Ten years is a good life span for a quality latex mattress:) ! I'm sorry to learn of your recent backache development over the past few months, Maggie, that must be quite trying for you. Perhaps if you could share a few details of your personal stats, they will help describe a bit of your background: what are both of your weights, heights, body profile type and preferred sleep position(s)? Also, what brand and model latex mattress do you have? It's good that you've followed the manufacturer's suggested maintenance schedule for your latex mattress and likely that's been helpful for the "good shape" it appears to be in.

I might also add that we have an adjustable base, and it’s used almost daily. It bends the latex foam at the hips and under the knees, which I suppose puts some stress on the latex foam.


Latex mattresses pair quite well with adjustable bases and as one of the most highly durable mattress materials , daily use of the adjustable base should not "stress" the mattress in a noticeable way. What adjustable base are you using and did you buy it the same time that you bought your latex mattress?

If it weren’t for the pandemic we would just go out shopping and buy a new mattress, but of course we can’t do that right now. So, I am thinking of cutting the mattress crosswise, rotating each half 180 degrees, and glueing the two halves together. That should place the firmer areas (formerly the head and foot areas) in the center where our hips would then be, and the sagging areas at each end, head and foot, where it shouldn’t matter.


Indeed, the current pandemic environment makes mattress shopping challenging. Showrooms are doing there part by offering appointment only services, sanitizing and other best practices, but definitely stick to limiting your shopping trips to what you and your husband are comfortable with. Phone calls with a respectable manufacturer will go a long way with your DIY questions. If you were happy overall with your current latex mattress, reaching out to that resource could be a good starting point.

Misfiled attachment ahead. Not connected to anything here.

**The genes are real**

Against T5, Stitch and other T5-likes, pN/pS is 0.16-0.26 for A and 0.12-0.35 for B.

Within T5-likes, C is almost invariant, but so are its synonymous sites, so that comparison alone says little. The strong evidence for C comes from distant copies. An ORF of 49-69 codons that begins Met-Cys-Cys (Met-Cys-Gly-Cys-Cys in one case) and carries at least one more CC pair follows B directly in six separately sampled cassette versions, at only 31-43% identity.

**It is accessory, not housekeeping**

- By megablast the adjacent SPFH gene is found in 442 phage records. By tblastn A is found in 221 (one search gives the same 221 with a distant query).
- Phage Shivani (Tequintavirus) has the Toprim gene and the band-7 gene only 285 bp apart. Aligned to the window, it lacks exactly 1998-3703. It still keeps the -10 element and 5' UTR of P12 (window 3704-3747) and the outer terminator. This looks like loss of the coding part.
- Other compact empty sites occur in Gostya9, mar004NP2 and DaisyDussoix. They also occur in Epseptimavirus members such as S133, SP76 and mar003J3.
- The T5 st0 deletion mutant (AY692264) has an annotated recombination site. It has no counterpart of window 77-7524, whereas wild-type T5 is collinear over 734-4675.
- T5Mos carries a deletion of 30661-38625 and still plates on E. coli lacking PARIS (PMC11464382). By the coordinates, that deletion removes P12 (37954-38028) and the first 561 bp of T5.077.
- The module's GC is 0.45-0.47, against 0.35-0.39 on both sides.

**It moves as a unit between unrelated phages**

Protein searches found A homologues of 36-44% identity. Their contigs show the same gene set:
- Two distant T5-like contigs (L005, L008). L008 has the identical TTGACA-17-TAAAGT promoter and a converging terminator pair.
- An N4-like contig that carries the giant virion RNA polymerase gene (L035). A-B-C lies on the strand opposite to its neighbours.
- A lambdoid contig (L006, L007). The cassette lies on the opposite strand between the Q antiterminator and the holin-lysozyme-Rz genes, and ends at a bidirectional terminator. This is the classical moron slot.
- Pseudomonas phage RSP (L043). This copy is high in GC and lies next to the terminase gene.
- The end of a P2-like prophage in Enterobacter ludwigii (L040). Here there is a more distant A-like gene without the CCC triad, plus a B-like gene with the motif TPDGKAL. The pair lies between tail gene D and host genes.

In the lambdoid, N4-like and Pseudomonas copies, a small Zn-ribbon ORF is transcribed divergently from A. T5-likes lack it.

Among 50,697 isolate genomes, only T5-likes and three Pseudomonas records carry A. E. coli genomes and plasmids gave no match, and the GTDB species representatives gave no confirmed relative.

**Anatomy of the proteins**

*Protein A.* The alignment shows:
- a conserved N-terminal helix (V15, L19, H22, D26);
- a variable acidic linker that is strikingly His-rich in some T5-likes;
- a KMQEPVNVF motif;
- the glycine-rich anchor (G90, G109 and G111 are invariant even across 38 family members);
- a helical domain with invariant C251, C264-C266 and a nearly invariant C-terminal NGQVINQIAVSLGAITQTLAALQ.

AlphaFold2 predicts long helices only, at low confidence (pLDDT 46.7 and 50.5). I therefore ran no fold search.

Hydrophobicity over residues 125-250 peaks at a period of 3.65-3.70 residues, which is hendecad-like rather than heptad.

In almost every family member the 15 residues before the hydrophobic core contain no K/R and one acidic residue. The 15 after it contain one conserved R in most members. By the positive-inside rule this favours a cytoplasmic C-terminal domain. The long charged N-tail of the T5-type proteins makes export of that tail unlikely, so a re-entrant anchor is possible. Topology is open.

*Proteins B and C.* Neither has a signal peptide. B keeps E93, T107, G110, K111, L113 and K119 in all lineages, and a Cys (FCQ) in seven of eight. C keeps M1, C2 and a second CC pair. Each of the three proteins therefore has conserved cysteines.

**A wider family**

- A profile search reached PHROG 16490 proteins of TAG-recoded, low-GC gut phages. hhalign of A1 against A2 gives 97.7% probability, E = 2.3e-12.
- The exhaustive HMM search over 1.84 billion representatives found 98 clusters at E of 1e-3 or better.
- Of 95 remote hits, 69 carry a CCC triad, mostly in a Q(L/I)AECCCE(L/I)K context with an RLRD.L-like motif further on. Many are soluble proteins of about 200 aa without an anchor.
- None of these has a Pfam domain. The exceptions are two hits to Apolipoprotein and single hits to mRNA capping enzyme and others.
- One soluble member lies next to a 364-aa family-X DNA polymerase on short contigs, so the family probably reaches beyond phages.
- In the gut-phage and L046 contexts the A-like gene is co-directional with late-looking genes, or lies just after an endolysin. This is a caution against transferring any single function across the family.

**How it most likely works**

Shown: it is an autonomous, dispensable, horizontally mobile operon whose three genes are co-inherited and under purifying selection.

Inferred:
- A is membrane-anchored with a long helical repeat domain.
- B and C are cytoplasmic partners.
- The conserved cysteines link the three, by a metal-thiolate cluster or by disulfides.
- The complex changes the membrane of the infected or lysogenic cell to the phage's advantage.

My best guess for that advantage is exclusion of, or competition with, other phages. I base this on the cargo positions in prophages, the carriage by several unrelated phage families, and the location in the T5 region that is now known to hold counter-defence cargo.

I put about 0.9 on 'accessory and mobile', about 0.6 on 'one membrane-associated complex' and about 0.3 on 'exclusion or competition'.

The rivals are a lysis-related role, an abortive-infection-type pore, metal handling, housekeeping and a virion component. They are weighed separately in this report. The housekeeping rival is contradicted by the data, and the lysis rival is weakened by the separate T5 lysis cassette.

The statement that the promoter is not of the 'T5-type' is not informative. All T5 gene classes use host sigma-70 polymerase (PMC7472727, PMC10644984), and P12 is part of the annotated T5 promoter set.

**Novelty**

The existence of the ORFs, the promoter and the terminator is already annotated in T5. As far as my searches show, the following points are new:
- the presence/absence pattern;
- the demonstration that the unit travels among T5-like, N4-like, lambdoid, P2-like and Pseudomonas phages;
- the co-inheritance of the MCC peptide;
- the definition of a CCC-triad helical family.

If you want to cut into the latex layers, you will need a specialized saw for that task. Your latex mattress of ten years would consist of layers of varying firmnesses of latex that are glued together, and combined with the sewn cover, cutting through the mattress to rearrange the lesser used halves differently may not only harm the mattress functionally but would not necessarily "refresh" the feel of sag you are looking to avoid. For example, if the support core of the mattress uses any type of zoning, your process could actually work against you as the head and foot areas of a zoned core are softer and the mid section is zoned firmer, creating an even softer/ less supportive hip and lower back area than you have now. It does sound tempting in theory to try, but the mattress is not designed to be surgically modified by a consumer this way.